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ECG Basics: Sinus Tachycardia

Wed, 06/10/2015 - 20:53 -- Dawn

This is a good teaching strip on many levels.  At the BASIC level, we see a strip that clearly meets all the criteria for sinus tachycardia:  a regular rhythm over 100/min. with P waves that look normal and all look alike.  The rate is 110 per minute.  The PR interval is just at the upper limits of normal at .20 second, or 200 ms.  The QRS complex is within normal limits, but slightly wide at .10 seconds.

This strip is good for teaching rate determination by several different methods.  It is helpful that QRS complexes 1, 5, and 10 fall on the dark lines of the paper.

This is a Lead II rhythm strip, and it is helpful to show students that not ALL Lead II strips produce an upright QRS complex.  Of course, correct lead placement should be confirmed.  In this particular case, the patient had suffered an anterior - septal wall M.I., and has a left anterior hemiblock, also called left anterior fascicular block.  This shifts the frontal plane axis to the left, causing Lead II to have a negative QRS.  Axis can't be accurately determined from one lead, but axis shift explains the negative QRS in this strip.

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Jerry W. Jones MD FACEP's picture

Thanks, Dawn, for such a great teaching website and for making the ECG examples available to those of us who teach.

While I don't teach what sinus tachycardia is during my advanced classes (the participants are already intermediate to advanced level), I do take the time to reaquaint them with what actually happens during a mild sinus tach.

Ventricular systole occurs during repolarization which lasts from the J point to the end of the T wave (NOT during the QRS complex which occurs too rapidly for ventricular contraction). As the heart rate speeds up, ventricular systole moves closer and closer to atrial systole which occurs shortly after the onset of the P wave. The T-P interval represents diastole - the time that the ventricles are filled with blood PASSIVELY from the atria. This represents anywhere from 2/3 to 3/4 of the blood that the ventricles will pump during the next beat. Atrial systole - the contraction of the atria - adds 1/4 to 1/3 of the total ventricular load (the "atrial kick").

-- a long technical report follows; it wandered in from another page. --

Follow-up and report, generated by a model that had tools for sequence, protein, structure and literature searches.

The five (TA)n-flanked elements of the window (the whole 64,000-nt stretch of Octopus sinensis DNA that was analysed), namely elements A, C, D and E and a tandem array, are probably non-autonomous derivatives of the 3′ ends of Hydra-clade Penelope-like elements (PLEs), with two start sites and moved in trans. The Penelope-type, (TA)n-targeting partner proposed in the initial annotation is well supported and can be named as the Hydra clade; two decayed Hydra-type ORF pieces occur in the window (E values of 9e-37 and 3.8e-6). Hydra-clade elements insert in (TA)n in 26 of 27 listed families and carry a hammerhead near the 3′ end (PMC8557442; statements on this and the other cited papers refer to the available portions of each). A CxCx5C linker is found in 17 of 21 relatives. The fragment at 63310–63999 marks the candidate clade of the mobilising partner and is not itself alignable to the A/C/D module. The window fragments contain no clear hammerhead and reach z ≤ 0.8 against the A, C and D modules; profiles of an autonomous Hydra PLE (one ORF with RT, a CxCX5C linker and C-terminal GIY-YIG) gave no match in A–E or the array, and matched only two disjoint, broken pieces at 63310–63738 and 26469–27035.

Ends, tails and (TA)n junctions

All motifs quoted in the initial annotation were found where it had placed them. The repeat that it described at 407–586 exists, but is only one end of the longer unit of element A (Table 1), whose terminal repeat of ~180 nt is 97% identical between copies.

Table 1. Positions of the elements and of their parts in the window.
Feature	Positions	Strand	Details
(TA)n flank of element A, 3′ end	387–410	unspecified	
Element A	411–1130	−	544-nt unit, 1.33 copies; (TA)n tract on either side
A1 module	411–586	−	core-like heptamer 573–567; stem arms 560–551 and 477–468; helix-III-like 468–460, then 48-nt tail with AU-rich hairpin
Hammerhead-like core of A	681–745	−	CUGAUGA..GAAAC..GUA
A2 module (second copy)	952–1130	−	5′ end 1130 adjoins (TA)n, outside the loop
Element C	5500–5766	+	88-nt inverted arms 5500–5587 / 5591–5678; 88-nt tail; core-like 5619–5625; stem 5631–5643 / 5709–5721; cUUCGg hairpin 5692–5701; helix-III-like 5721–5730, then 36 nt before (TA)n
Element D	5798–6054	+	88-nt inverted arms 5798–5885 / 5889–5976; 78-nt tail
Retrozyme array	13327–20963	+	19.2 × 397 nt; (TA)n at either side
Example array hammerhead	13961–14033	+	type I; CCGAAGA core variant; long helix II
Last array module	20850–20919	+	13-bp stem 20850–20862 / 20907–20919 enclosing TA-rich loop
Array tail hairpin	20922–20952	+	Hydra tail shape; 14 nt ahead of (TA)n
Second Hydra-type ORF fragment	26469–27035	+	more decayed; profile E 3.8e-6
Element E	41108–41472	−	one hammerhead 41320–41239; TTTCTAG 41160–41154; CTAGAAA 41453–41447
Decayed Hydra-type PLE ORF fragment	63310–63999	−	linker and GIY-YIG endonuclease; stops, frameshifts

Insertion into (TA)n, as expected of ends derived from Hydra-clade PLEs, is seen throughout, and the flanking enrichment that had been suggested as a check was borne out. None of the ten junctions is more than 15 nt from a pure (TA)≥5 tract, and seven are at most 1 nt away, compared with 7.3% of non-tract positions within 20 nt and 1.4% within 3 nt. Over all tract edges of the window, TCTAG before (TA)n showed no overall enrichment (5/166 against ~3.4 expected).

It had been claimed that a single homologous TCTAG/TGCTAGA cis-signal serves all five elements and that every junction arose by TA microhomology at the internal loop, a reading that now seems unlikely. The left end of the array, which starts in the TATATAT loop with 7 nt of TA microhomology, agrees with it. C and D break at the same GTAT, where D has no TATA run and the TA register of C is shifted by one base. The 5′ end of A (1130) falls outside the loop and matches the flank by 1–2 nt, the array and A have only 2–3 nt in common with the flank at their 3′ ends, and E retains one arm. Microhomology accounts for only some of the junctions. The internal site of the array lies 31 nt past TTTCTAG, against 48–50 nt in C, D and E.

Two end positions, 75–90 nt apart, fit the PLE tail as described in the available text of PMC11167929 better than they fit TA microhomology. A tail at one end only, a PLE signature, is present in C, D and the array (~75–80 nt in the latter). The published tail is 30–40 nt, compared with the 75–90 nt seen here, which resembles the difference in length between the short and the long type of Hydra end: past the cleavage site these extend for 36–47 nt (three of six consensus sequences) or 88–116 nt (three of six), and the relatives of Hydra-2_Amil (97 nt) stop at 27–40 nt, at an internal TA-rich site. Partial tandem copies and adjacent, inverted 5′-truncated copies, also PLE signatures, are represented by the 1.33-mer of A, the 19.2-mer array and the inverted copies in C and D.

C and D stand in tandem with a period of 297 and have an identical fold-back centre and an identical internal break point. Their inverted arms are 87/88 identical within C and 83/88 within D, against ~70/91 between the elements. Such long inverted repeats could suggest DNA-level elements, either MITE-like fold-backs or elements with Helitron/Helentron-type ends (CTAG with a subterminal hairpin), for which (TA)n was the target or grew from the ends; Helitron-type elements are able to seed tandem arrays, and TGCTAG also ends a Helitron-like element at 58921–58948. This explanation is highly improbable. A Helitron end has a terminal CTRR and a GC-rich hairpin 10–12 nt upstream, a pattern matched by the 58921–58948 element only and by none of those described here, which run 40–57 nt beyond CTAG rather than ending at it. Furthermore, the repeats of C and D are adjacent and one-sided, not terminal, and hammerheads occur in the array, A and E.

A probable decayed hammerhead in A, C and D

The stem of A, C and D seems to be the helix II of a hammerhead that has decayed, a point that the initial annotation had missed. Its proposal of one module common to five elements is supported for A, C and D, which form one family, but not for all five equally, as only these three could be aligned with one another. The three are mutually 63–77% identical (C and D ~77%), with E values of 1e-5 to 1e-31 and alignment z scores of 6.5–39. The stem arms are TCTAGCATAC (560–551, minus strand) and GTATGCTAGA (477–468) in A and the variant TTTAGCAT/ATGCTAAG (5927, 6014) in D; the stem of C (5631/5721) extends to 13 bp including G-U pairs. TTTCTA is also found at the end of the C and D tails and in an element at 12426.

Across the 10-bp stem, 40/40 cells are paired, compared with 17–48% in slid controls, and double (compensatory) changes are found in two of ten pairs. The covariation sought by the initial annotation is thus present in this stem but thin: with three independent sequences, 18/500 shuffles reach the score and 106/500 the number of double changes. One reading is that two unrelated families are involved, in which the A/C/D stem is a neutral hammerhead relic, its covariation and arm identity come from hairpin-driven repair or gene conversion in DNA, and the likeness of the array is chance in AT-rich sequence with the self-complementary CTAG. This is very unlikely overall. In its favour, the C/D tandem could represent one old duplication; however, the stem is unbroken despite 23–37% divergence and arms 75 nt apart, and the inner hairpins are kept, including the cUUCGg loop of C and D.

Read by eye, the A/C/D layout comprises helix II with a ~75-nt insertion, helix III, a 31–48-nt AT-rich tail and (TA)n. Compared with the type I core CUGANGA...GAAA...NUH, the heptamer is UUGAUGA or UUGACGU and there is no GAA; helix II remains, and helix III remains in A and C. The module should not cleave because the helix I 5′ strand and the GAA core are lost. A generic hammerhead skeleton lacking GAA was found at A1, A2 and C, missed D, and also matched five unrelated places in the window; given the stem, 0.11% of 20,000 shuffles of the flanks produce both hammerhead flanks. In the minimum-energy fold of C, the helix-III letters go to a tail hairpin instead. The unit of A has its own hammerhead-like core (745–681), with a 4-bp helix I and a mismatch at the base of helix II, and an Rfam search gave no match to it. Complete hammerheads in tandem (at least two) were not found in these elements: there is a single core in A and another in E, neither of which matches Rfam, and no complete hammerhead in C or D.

As the heart rate picks up, diastole becomes shorter and shorter and there is less and less time for passive ventricular filling. This can be very challenging for patients with low cardiopulmonary reserves. As the P waves get even closer to the T wave (or even within the T wave if there happens to be a little first degree AV block), the atria find themslves contracting against closed AV valves. As I tell my students, that atrial blood has to go somewhere and suddenly forward is no longer an option. Blood from the right atrium will back up into the superior and inferior vena cavae, sending waves into the liver and also into the neck veins ("cannon A waves"). Blood from the left atrium is sent back into the pulmonary circulation and the lungs. Imagine what this will do to patients who already have CHF or COPD!

Another thing to remember about sinus tachycardia is that the shorter R-R intervals decrease the refractory period of the ventricular conduction system (His-Purkinje system) but will prolong the refractory period of the AV node. If the tachycardia is due to autonomic influence ("adrenaline surge"), then the refractory period of the AV node will actually tend to decrease - offsetting its natural tendency to prolong.

So, as you can see, for some patients even a mild sinus tachycardia is NOT the benign rhythm that it is for most of us.

Since it is so extremely rare for a sinus tachycardia to be a primary dysrhythmia (there are such things as idiopathic persistent sinus tachycardia and a reentrant sinus tachycardia), treatment remains the treatment of the underlying condition that is resulting in the increased rate. This usually involves giving the patients oxygen, fluids or pain or anxiolytic meds.

Thanks again for a great teaching website.

Twitter: @jwjmd

Submitted by Dawn on

Thanks, JWJ (Dr Jerry Jones, MD).  Your discussion of sinus tachycardia is presented in a way that is interesting to both beginners and advanced students.  I hope the readers of the ECG Guru who are teachers will take this as an example for their own lectures.   I envy your advanced students!



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